Published by Dizzy Press, Blue in Green, the latest poetry collection by Joe Bidder takes the reader on a journey through the poet’s vibrant life. As well as a love of jazz, the work reflects the writer’s experience as co-founder of the groundbreaking mental health arts organisation Survivors’ Poetry. Review by Colin Hambrook.
Joe Bidder is one of Disability Arts unsung heroes in his influence on transforming the UK arts landscape over the last 40 years. Until his late thirties he was a chemical engineer working on oil refineries before his interests in the literary arts became more of a focus in his life.
I first met Joe in 1991 – a few months after Survivors’ Poetry had begun producing performance poetry events at the Torriano Meeting House in North London. He immediately struck me as a dynamic personality and it was no surprise that under his guidance Survivors’ Poetry grew to have 20 groups across the UK within 3 or 4 years. The London branch alone was running over 1000 events per year; workshops and performance poetry events that took place in day centres, resource centres, libraries, community centres – anywhere that survivors of the mental health system came together to share experiences and to express that lived experience through poetry.
Survivors’ Poetry achieved so many milestones in those years: it’s incredible to think that under Joe’s instruction, Alison Smith, Frank Bangay and I effectively wrote a diversity policy for the organisation in 1994 – 20 years ahead of the time when forward-thinking arts organisations generally began instituting diversity policies. It was really important to us that the workshops and performances we produced reflected and celebrated the talents of all the people across cultures and identities that the organisation attracted to gigs, writing and performance workshops. The organisation ran on the goodwill and passion of many hundreds of survivor poets and artists. It changed the perception of survivors in the wider community and opened up conversations about mental health at a time when it was strictly a taboo subject. We saw the survivor label as a badge of pride; not something to be ashamed of and that message was something Joe was incredibly adept at getting across in the media through the 1990s.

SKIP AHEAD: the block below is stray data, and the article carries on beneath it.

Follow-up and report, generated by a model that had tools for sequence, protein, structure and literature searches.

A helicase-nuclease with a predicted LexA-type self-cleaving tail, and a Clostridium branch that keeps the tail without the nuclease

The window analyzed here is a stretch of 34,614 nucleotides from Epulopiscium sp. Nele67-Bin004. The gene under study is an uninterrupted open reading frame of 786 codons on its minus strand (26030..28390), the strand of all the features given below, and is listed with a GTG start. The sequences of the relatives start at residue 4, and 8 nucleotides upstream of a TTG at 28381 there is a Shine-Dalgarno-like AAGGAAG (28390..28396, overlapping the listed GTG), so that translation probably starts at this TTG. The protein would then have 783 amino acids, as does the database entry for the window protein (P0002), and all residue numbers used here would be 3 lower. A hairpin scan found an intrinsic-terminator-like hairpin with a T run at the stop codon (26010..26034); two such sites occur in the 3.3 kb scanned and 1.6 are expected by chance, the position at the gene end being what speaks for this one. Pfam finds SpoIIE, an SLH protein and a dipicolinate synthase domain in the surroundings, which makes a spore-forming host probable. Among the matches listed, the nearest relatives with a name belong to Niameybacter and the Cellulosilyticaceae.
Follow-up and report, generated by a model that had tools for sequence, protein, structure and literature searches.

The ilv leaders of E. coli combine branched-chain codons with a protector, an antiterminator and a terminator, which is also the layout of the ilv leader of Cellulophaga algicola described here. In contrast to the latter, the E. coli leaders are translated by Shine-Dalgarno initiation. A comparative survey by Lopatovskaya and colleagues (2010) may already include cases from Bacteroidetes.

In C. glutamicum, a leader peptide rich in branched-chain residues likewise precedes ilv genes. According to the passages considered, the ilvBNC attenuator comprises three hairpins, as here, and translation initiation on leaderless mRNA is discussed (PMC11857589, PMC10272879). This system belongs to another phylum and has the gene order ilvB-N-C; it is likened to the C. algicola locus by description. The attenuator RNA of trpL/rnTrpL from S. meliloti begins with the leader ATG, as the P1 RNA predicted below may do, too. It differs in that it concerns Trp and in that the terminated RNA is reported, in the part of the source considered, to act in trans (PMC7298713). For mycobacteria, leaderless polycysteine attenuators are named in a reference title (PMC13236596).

Joe was always a driven individual and the opening poem in Blue in Green, ‘The Drummer Boy’ – with its allusions to the Günter Grass novel ‘The Tin Drum’ – evokes the chaos of a life captivated by the demands of a drum “beat in slavish syncopation… until life is a screaming wall.” There is a parallel between Oskar Matzerath in Grass’s novel using his drum to protest against the mores of middle-class society and the “magic rhythm” Joe talks about being his fate to follow.
It took Joe nearly two decades to come out as a survivor of the mental health system, but when he did it was imperative that, like Oskar, he bring attention to the survivor cause, raging against the way society has pummelled those labelled as mad into the ground with an utterly misplaced trust in the medical model of psychiatric intervention that has caused so much unnecessary suffering, suicide and early death in society.